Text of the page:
Caviar and Ashes A Warsaw Generation’s Life and Death in Marxism, 1918-1968 Marci Shore

Publication date:
27 Jan 2009
Yale University Press
480 pages: 235 x 156mm
17 b-w illus.
Sales territories:

"In the elegant capital city of Warsaw, the editor Mieczyslaw Grydzewski would come with his two dachshunds to a café called Ziemianska." Thus begins the history of a generation of Polish literati born at the fin de siècle. They sat in Café Ziemianska and believed that the world moved on what they said there. Caviar and Ashes tells the story of the young avant-gardists of the early 1920s who became the radical Marxists of the late 1920s. They made the choice for Marxism before Stalinism, before socialist realism, before Marxism meant the imposition of Soviet communism in Poland. It ended tragically.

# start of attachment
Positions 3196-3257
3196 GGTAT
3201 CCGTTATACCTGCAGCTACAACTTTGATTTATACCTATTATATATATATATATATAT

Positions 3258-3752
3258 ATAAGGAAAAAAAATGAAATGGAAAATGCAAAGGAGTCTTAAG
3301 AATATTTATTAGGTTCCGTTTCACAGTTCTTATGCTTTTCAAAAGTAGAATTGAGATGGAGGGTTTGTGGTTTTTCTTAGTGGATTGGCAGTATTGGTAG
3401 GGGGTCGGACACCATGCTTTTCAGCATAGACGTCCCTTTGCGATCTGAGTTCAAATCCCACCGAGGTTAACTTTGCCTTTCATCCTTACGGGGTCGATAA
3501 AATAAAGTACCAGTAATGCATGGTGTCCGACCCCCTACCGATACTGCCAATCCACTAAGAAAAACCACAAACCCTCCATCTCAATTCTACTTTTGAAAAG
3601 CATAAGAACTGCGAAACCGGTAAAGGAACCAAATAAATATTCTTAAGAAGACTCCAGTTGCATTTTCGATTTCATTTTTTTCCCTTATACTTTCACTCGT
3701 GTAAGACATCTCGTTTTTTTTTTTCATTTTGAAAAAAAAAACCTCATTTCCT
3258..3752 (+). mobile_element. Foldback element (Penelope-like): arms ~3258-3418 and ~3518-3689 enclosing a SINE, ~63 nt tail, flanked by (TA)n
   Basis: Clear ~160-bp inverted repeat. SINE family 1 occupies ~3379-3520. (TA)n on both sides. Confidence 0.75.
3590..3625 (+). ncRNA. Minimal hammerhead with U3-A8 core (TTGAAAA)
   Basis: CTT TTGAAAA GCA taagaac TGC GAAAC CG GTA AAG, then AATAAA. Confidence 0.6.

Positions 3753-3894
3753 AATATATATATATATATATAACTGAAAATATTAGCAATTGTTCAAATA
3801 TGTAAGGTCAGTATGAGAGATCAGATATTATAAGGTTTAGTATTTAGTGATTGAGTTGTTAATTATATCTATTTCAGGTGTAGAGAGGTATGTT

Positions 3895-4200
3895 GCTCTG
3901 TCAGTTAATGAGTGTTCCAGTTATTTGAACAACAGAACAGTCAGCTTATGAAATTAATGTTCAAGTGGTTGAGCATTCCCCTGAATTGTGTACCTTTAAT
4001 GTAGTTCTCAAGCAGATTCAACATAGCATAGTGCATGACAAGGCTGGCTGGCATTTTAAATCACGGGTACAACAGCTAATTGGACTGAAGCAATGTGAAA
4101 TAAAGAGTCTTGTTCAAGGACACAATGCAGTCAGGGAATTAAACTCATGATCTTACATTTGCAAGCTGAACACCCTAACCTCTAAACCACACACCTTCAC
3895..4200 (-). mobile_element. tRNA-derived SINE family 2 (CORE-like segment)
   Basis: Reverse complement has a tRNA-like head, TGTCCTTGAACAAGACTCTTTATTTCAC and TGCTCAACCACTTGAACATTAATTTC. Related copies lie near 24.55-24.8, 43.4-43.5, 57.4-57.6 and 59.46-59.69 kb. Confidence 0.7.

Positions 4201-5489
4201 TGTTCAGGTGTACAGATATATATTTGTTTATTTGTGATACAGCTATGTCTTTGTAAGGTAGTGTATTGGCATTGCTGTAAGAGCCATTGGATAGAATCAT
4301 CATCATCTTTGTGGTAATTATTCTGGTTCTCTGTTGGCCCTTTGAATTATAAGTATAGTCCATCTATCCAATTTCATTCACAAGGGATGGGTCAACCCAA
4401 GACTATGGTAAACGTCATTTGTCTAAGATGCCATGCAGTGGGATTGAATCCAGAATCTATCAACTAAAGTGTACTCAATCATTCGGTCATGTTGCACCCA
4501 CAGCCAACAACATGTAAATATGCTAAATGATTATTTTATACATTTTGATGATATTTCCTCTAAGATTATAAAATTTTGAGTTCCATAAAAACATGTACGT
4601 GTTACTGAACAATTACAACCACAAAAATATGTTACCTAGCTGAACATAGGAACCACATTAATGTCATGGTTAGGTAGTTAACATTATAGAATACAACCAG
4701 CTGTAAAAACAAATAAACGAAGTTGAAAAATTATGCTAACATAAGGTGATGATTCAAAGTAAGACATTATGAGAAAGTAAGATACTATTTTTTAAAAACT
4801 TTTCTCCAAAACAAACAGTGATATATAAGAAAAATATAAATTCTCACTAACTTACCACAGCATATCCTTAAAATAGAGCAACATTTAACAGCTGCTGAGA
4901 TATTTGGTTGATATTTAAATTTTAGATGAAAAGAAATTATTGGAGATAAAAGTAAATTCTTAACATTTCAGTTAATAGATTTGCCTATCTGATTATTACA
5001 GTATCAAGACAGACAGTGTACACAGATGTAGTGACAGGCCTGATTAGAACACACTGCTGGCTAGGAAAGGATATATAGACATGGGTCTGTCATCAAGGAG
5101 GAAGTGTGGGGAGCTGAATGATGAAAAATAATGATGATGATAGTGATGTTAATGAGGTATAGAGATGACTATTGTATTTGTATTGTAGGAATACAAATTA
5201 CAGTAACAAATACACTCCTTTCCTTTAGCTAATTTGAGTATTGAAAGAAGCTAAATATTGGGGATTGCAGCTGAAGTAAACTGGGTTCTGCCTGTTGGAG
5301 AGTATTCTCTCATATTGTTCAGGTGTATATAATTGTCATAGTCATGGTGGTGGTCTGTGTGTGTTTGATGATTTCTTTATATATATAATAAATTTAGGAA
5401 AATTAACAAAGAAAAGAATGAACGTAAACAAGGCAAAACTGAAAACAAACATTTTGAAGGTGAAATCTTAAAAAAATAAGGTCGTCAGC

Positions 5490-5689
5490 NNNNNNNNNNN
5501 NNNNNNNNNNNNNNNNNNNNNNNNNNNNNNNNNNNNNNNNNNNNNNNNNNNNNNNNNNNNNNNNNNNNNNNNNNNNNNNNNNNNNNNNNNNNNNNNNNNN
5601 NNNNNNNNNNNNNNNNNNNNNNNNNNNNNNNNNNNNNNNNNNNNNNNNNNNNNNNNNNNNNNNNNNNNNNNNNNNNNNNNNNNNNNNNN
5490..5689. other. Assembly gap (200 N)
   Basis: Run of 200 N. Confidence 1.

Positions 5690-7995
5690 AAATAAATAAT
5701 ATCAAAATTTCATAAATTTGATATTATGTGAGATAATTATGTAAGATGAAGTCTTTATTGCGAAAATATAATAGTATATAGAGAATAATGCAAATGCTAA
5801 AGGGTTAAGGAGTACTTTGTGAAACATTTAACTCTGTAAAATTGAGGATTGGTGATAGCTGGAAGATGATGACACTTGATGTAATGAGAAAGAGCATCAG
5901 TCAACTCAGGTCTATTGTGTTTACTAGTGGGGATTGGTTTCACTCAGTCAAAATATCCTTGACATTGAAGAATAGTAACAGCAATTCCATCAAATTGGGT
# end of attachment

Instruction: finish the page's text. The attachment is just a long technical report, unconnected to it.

Marci Shore begins with this generation’s coming of age after the First World War and narrates a half-century-long journey through futurist manifestos and proletarian poetry, Stalinist terror and Nazi genocide, a journey from the literary cafés to the cells of prisons and the corridors of power. Using newly available archival materials from Poland and Russia, as well as from Ukraine and Israel, Shore explores what it meant to live Marxism as a European, an East European, and a Jewish intellectual in the twentieth century.

Marci Shore is assistant professor of history at Yale University.

The 2004 Fraenkel Prize in Contemporary History

2006 Association for Women in Slavic Studies Heldt Prize

2006 National Jewish Book Award

2007 Oskar Halecki Polish/East Central European History Award

2008 Samuel and Ronnie Heyman Prize for Outstanding Scholarly Publication

2009 Nagroda Historyczna "Polityki" (Polityka Best Historical Book Award)

Finalist, 2009 Nagroda im. Moczarskiego

Short List, 2007 Wayne S. Vucinich Book Prize

Finalist, 2006 Koret International Jewish Book Awards

Finalist, 2006 Lukas Prize Project Award